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Employee Remote Working: Cybersecurity Concerns

As workplaces across the country look to adapt to the pressing need to slow the transmission of the COVID-19 outbreak, many employers are turning to remote work to keep their businesses afloat while reducing the possibility of transmission.

Many large tech employers such as Google and Amazon are already prepared for the needs of a remote workforce, but for others, the wide scale adoption of remote working comes with some real challenges. In the scramble to ensure the safety of others, it’s important that businesses don’t overlook the need to ensure cybersecurity as well.

The importance of cybersecurity right now

Workplaces, especially ones in regions hit hard by COVID-19, are scrambling for solutions, but it’s important to remember why cybersecurity is important for remote workers.

The Department of Homeland Security’s cyber agency, the Cybersecurity and Infrastructure Security Agency (CISA), issued an alert encouraging organizations to take a heightened approach to cybersecurity. The agency cited the possibility of increased vulnerabilities, attacks and phishing attempts. Another research piece put out by CheckPoint shows cybercriminals are using the coronavirus pandemic to spread spam activity, through both email campaigns and malicious domains.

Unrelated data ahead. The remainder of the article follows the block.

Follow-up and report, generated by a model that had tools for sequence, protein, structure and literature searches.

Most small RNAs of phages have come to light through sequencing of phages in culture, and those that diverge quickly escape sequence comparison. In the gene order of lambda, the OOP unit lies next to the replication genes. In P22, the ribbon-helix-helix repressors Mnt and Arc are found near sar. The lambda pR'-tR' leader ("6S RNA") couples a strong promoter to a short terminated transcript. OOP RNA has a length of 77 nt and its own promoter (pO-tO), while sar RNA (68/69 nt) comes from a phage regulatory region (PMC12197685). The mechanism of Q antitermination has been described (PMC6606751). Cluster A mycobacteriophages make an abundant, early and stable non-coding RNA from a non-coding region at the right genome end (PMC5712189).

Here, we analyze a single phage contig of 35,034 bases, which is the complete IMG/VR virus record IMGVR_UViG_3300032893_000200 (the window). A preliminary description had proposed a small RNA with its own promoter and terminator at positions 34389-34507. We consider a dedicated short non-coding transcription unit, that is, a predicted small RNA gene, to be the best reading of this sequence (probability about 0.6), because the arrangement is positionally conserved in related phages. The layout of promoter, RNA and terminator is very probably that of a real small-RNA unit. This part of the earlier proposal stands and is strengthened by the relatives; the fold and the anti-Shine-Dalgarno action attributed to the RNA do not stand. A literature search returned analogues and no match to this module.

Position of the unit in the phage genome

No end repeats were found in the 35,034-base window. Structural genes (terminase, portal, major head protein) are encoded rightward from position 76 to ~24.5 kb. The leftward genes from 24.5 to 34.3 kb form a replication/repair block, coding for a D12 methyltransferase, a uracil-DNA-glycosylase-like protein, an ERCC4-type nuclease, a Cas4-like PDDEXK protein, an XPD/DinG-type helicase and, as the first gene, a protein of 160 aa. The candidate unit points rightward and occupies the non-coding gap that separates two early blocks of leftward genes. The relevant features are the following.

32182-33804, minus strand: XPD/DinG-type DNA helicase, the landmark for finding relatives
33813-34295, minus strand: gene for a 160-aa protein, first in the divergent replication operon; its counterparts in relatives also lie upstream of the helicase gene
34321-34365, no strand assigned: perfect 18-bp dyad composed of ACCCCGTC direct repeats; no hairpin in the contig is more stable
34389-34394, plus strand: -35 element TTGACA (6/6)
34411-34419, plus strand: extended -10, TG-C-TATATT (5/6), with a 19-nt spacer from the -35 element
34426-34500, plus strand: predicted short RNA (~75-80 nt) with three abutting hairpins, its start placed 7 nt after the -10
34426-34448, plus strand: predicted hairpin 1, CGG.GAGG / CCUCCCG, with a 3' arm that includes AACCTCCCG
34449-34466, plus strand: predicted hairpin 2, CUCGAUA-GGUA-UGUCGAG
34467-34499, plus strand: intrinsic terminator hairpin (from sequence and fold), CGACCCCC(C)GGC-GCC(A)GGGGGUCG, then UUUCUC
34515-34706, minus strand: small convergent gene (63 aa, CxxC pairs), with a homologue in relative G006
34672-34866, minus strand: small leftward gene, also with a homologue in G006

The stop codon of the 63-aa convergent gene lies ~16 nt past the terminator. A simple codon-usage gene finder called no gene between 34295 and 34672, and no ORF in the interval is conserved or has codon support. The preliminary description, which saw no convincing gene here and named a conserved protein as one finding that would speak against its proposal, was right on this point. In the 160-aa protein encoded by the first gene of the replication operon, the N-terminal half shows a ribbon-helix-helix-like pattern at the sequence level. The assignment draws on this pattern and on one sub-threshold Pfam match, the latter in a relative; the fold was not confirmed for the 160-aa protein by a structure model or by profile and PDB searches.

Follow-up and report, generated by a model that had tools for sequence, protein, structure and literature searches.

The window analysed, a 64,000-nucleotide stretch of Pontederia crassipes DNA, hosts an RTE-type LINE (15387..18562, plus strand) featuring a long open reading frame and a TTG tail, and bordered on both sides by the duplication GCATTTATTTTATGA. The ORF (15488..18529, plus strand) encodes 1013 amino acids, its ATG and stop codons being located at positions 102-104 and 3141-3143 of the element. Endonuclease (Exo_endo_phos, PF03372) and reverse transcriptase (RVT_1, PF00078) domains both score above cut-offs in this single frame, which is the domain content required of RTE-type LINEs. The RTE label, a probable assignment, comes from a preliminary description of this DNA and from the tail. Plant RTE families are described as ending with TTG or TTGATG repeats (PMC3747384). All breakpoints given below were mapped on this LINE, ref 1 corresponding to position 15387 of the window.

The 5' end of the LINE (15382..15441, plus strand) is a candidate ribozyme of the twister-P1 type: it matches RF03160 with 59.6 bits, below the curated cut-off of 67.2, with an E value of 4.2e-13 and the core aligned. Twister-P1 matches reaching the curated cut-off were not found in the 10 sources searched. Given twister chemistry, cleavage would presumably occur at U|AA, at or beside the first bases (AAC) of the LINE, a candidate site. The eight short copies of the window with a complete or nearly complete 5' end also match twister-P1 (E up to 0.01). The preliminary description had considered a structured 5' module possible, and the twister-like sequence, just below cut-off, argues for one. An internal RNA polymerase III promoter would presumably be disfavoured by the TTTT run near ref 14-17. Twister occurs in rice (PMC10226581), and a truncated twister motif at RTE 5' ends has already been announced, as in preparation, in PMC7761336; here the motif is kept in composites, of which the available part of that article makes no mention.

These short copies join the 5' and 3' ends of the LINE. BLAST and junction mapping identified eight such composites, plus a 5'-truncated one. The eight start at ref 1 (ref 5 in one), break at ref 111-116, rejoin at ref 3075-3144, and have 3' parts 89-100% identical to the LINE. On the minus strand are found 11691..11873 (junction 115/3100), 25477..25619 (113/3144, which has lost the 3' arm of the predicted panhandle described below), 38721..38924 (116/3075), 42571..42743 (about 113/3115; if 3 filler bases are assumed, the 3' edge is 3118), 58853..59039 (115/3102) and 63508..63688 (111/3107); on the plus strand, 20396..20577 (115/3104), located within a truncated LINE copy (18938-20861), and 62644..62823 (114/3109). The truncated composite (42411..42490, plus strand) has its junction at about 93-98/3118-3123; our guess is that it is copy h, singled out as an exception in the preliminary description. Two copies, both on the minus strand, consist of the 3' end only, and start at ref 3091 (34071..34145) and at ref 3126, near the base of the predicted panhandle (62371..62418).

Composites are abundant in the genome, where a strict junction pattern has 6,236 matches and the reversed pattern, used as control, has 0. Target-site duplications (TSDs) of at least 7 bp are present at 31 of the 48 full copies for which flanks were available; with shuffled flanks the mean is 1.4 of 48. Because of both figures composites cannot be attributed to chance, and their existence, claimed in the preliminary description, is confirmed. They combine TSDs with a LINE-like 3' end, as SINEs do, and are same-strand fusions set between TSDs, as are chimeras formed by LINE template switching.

Data breaches in the US are a major problem even in the best of times. Since 2005, there have been over 10,000 serious breaches publicly reported according to the Identity Theft Resource Center (ITRC). The rapid shift to remote work without well-established protocols will likely create even more opportunity for cybercriminals.

So if you’re implementing remote work for your staff, what can you do to keep your data secure and your workforce productive?

Cybersecurity issues to watch for

Industry compliance

Every industry has compliance regulations that employers must observe to stay in good legal standing. Each interacts in its own unique way with things like data storage, access, and transmission. Not every job can be done in unsecured areas and still staying in compliance, so employers need to carefully assess the remote potential of each role.